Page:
The Lakes at Laura Walker State Park is deep in the Georgia woods with nothing but you and the lonesome pines. So lonesome, in fact, that you are warned not to drive or walk in the woods, lest you run into one of the more dangerous native species, like rattlesnakes.

Of course, being so close to the vast Okefenokee, there are also black bears, but you aren't likely to run into any so close to the golf course. Look for alligators in all the water on the course, though.

The Lakes is a very picturesque course, with three large lakes and small ponds dotting the landscape throughout. Fairways and landing areas are accentuated by links-style mounds. The Lakes at Laura Walker is an excellent value, with green fees of $33 weekdays and $38 weekends, including cart. Junior and senior discounts are available.

The Okefenokee Country Club is a private club just outside of Waycross. With its name, you'd think the course would be a swampy thing, all alligators, snakes and mosquitoes, but it isn't. In fact, water isn't really evident til you get on the back nine.

It does have the advantage of having the beautiful Satilla River playing alongside the 15th hole. With its dark waters, high banks and sandy beaches, the narrow waterway is just a tantalizer, though; you wish it made more appearances.

The golf course is laid out on classic, south Georgia terrain, with gnarled old oaks dripping with Spanish moss, pines, palmettos and other southern flora and fauna - plenty of shade on a sweltering, summer day. You can hear the cries of swamp birds occasionally, and catch glimpses of hawks and other airborne predators.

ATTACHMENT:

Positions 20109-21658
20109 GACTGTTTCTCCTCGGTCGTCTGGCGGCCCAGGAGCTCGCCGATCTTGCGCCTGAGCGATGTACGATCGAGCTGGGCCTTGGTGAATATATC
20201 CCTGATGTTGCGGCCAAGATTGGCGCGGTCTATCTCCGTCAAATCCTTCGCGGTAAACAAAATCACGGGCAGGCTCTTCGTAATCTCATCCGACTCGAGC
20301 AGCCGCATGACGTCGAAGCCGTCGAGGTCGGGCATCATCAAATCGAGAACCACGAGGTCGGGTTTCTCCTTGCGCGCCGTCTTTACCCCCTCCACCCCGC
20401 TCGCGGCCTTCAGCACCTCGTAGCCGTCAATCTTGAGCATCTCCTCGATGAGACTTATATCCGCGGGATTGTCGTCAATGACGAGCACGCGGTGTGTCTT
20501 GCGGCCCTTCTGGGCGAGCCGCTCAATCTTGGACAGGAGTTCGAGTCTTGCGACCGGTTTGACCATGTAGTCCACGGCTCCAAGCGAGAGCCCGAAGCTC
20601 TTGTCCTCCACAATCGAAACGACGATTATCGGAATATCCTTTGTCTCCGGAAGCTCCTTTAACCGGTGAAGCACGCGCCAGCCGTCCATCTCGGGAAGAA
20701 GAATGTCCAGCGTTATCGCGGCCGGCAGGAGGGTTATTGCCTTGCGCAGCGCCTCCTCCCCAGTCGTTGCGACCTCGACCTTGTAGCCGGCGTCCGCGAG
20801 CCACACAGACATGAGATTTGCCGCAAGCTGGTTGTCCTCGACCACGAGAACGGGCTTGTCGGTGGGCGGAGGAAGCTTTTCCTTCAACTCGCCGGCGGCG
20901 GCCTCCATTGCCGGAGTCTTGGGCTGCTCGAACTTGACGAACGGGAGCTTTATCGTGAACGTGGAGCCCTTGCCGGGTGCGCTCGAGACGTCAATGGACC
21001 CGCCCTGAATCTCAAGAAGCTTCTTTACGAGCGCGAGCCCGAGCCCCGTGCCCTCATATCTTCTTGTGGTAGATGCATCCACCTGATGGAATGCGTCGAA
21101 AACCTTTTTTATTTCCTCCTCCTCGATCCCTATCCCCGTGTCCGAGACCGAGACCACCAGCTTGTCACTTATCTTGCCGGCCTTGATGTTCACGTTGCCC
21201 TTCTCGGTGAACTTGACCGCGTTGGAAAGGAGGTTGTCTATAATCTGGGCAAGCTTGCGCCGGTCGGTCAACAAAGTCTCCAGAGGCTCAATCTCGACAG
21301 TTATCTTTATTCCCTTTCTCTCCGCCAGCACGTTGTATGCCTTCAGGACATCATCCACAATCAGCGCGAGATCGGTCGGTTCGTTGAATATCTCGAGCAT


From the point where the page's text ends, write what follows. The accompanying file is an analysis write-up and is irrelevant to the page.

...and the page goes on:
Lakeview Golf Club is in nearby Blackshear. The lake in question makes several appearances as you play your way around the golf course, slipping and sliding out of view on some holes while serving as the main man on a handful of others, both aesthetically and strategically.

Lakeview Golf Club is nicely treed, mostly with tall, stately pines, with some palms and oaks thrown in for good measure. The fairways are tree-lined, with an interesting configuration of holes. There are a number of doglegs that can be challenged, some water to be carried, blind tee shots to be negotiated, and the conditioning is good for a public course that is in a relatively rural part of the state.

Waycross hotels

For a serious wilderness experience, get an overnight permit and camp on top of a wooden platform built over the water, called a chickee.

If you're not into camping, the Holiday Inn in Waycross is a good place to stay if you want to sample Waycross' small sampling of golf or to play around in the big swamp. It's close to the Ware County airport and only 60 miles from the Jacksonville, Fla. airport.

The motel consists of a two-floor exterior corridor surrounding a pool area, with a good, full-service restaurant and lounge. Kids eat free. There's also a hot continental breakfast.

It opened in 1963, but the property has had many renovations since. There is a relatively extensive fitness center, and the motel offers guests use of a bigger fitness center a block away. There are laundry facilities to wash off the swamp bugs.

It has a business center and high-speed Internet service available.

They're country friendly here, which means for one thing they allow pets. Also, ask about the Okefenokee Swamp package.

Tim McDonaldTim McDonald, Contributor

Veteran golf writer Tim McDonald keeps one eye on the PGA Tour and another watching golf vacation hotspots and letting travelers in on the best place to vacation.